Things are starting to change a bit in the patent world. The U.S. patent system has traditionally been a very one-sided affair. Largely conceived and run by traditional industry—e.g. pharmaceutical companies—those in charge have represented primarily one point of view: that of patent holders. 

This imbalance has led to a system that might make sense for companies with incredibly high R&D costs (drug companies). Unfortunately, this comes at the expense of other industries, where a 20-year monopoly is nonsensical (think software), and of the public interest, where innovators, startups, and garage inventors need space to invent and create without the threat of patent infringement litigation hanging over their heads. 

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This problem has manifested itself in the current state of affairs: a patent troll epidemic. Which, fortunately, is starting to change. 

First, the Supreme Court stepped in, issuing a series of rulings improving the standard for patent quality and making efforts to better balance the playing field between patent owners and inventors (many of whom, of course, do not own patents). The most well-known ruling, Alice v. CLS Bank, has now directly led to at least 19 lower court rulings throwing out low-quality patents. Significantly, just recently, the Federal Circuit finally followed the Supreme Court’s lead and invalidated a particularly bad patent in a case called Ultramercial v. Hulu 

This case has bounced around the courts for years, with the Supreme Court twice sending it back to the Federal Circuit. Now, finally, five long and expensive years after this case began—spearheaded by a brave company called WildTangent who continued the fight while all of the other defendants settled—there is one fewer really bad patent out there. 

In another indication that the tide is starting to turn, President Obama recently nominated Michelle Lee to direct the Patent Office. Michelle Lee, who currently acts as the agency’s deputy director, would not only be the first woman and first minority to hold that post, but she has a background rare in a long lineage of PTO directors: a patent lawyer from Silicon Valley who has worked for and at companies who operate in the software space. (For all these reasons, and more, we strongly support Michelle’s nomination.)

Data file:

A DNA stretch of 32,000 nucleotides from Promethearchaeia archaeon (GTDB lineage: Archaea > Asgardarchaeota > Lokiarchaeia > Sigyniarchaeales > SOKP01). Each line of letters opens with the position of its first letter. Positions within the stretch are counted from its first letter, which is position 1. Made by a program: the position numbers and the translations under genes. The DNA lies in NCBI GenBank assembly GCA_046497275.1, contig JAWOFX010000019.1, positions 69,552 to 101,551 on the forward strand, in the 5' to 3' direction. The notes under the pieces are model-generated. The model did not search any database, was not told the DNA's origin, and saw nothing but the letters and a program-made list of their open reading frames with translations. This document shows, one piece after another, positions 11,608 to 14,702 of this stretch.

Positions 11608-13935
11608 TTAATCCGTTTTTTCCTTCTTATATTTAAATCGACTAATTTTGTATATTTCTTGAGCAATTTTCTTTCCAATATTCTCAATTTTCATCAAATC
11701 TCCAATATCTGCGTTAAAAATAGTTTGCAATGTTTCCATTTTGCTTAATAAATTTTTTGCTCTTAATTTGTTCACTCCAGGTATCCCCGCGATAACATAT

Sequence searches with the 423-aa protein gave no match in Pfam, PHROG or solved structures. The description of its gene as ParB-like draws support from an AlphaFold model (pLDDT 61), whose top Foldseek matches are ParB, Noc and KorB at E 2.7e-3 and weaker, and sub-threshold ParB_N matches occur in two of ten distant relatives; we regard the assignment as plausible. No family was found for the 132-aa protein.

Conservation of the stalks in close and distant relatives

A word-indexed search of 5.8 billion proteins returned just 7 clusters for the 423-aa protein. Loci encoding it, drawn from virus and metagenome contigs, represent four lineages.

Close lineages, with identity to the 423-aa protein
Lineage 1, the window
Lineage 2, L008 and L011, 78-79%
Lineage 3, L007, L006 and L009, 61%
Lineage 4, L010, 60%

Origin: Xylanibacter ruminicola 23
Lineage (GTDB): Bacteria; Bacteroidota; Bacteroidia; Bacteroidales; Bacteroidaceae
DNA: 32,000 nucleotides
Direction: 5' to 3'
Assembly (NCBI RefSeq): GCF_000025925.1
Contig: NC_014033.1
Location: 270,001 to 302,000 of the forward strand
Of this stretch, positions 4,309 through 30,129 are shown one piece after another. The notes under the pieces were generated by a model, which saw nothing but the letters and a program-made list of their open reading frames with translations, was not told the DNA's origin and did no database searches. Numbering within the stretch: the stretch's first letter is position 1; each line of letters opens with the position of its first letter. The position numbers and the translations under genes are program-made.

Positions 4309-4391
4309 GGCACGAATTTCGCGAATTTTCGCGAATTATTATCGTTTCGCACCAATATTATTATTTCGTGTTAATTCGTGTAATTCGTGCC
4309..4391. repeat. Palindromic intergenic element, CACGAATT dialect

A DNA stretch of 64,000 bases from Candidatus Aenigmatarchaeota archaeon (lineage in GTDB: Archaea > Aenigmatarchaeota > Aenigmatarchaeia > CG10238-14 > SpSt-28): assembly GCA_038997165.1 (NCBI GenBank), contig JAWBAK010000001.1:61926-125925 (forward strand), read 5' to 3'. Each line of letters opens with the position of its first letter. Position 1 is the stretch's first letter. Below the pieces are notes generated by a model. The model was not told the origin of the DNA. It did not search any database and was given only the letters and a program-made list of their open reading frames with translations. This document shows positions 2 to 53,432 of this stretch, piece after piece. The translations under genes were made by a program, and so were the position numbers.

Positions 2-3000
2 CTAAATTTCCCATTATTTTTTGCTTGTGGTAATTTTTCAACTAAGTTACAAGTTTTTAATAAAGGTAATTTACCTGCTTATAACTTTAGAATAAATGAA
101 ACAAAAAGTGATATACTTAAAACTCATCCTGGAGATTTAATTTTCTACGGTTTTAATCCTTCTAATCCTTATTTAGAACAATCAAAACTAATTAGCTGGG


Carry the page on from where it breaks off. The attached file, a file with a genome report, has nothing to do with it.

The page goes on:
For those of us who have been trying to reform a broken patent system for some time, these milestones are important. They signal that other voices now have a seat at the table, and that, after being long ignored, the tech and startup world—and the public interest—are now real players in the patent system. 

Now these communities are speaking up, calling on Congress to finish its job and pass meaningful patent reform. Because even with cases like Ultramercial striking down patents, and even with Michelle Lee installed as PTO Director, there is much work to be done. In fact, for trolls who already own patents—even patents that might not withstand a challenge under Alice—there is little disincentive to make a threat of patent litigation or bring a case in federal court. 

Some numbers:

  • A patent has a lifespan of at least 20 years.

  • Currently, there are approximately 2.24 million active patents in the United States. More than a million of those represent a software-type invention. This trend shows little signs of abating: in 2014, the Patent Office is on target to grant more than the 277,000 patents than it granted in 2013.

  • Patent trolls disproportionately target startups and small businesses.

  • In a survey of 200 venture capitalists, 100 percent indicated that the presence of a patent demand could be a major deterrent in deciding whether to invest. Even more, it is estimated that VC investment in startups would have been more than $8 billion higher but for troll threats in the last five years alone.

    These last two data points are particularly important. Research shows that new firms—startups—are responsible for net new job growth in the United States and that this job growth takes place all over the country. This growth would be impossible without robust support from the investor community. Thus, the patent troll problem affects more than just startup technology companies: it negatively impacts our entire economy to the tune of at least $29 billion a year

    To be sure, we are encouraged to see positive court rulings and people from our community in leadership positions at the Patent Office. But that alone will not stop the bleeding. We cannot wait for this generation of crappy patents to expire and bad actors to go away. Congress must act now. 

    Samuels is the executive director of Engine, a research foundation and advocacy organization supporting tech entrepreneurship. She’s on Twitter at @juliepsamuels.